Clarity of goals, time horizon and risk appetite: Invest not because a scheme is available. Invest for your goals. Estimate the required sum by adequately considering the inputs required to calculate and by what time it is needed. Choose equity-oriented schemes only for goals that are five to seven plus years away. Allocate between equity sub-categories based on your risk appetite. For eg: A Mid / Small cap / Sectoral / Thematic fund may outperform the broader portfolios or large cap schemes in certain years, but they are also prone to volatility in the short term.

Quartile performance and comparisons: The first and foremost expectation from the investor of an actively managed scheme is to outperform the benchmark. Next should be the category average. Comparing the performance of a small cap scheme with large cap scheme or a sectoral fund would be incorrect. Try and see if your scheme is above the benchmark, the category average and if it is in the top quartile, in simple words say the first 25% of the universe. If it so, then as an investor, your investment is doing well. If the scheme is constantly failing to match up with the above thresholds even over a three to five plus year horizon, then we believe you have reasons to review and change the scheme.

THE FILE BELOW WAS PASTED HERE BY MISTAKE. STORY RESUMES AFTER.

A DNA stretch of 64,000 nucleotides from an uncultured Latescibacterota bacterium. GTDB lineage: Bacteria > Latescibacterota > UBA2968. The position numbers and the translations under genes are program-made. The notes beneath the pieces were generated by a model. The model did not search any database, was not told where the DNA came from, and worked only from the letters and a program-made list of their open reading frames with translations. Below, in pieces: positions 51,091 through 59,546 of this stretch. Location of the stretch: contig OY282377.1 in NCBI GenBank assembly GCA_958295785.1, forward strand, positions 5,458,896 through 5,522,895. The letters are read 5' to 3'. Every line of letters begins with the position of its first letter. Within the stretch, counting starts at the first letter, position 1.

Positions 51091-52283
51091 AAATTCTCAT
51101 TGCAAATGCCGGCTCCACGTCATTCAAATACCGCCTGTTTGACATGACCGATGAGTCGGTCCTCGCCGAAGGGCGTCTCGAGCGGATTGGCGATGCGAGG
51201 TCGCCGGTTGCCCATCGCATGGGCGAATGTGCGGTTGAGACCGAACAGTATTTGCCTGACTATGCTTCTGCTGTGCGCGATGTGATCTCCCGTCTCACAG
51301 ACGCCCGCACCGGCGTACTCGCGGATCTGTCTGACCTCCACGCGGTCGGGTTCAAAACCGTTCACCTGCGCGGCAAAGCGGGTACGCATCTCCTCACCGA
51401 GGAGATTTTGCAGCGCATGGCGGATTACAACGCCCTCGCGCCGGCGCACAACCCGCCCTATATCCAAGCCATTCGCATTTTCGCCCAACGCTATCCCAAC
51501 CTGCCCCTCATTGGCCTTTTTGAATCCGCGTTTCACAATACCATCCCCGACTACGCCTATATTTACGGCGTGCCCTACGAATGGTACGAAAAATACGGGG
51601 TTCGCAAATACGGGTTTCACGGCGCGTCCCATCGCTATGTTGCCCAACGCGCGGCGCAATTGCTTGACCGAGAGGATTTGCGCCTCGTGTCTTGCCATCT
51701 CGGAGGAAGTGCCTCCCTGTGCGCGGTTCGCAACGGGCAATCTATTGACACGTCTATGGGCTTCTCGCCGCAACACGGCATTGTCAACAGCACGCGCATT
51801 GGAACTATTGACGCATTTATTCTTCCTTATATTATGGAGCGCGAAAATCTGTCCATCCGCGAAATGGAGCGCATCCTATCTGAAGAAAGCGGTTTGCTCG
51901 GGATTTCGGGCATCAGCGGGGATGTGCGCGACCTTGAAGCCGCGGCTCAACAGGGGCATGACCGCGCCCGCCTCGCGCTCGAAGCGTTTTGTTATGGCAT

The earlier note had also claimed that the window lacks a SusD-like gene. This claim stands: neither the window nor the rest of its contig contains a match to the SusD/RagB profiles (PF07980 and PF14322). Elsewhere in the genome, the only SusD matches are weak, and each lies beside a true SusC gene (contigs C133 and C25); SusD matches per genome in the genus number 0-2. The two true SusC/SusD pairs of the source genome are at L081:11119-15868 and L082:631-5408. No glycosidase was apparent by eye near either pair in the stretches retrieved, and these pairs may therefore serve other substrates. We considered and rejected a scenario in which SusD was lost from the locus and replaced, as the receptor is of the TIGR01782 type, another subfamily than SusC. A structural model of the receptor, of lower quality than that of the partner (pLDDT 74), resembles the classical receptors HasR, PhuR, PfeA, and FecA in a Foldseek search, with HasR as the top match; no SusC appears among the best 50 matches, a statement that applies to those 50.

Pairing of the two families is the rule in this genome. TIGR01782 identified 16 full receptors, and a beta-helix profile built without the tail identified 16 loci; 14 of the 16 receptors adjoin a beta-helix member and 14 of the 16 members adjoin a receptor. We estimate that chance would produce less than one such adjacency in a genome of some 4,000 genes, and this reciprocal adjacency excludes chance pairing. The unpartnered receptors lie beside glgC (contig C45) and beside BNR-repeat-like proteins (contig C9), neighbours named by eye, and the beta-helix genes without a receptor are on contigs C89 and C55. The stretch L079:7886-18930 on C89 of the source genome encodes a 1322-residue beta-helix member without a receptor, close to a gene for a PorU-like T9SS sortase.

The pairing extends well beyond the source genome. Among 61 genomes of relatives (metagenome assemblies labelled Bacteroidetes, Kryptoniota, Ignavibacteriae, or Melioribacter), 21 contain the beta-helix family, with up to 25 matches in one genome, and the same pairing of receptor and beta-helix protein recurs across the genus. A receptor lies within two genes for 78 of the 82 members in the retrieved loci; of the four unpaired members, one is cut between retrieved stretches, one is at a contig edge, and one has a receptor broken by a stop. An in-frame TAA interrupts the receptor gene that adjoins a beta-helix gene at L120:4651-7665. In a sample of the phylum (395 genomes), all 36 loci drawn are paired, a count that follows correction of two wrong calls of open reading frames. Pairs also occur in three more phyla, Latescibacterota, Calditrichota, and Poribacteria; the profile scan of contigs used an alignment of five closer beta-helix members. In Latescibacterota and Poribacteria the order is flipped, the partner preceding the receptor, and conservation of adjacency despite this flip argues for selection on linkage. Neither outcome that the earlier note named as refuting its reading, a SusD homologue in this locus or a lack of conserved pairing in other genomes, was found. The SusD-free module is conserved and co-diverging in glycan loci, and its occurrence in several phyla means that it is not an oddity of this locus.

Performance Ratios: Ratios like Standard Deviation and Sharpe can help investors to know how much a scheme can deviate from its mean and the risk-adjusted performance of a scheme. How much risk is assumed by the fund manager to potentially generate returns.

SIPs are a good choice: Investing systematically helps in equities. Regular investing is a technique in itself as it adjusts the quantum of units to the price by participating across market ups and downs. It also helps to get rid of timing the market. Important point an SIP investor should remember is to continue the SIPs when market comes down.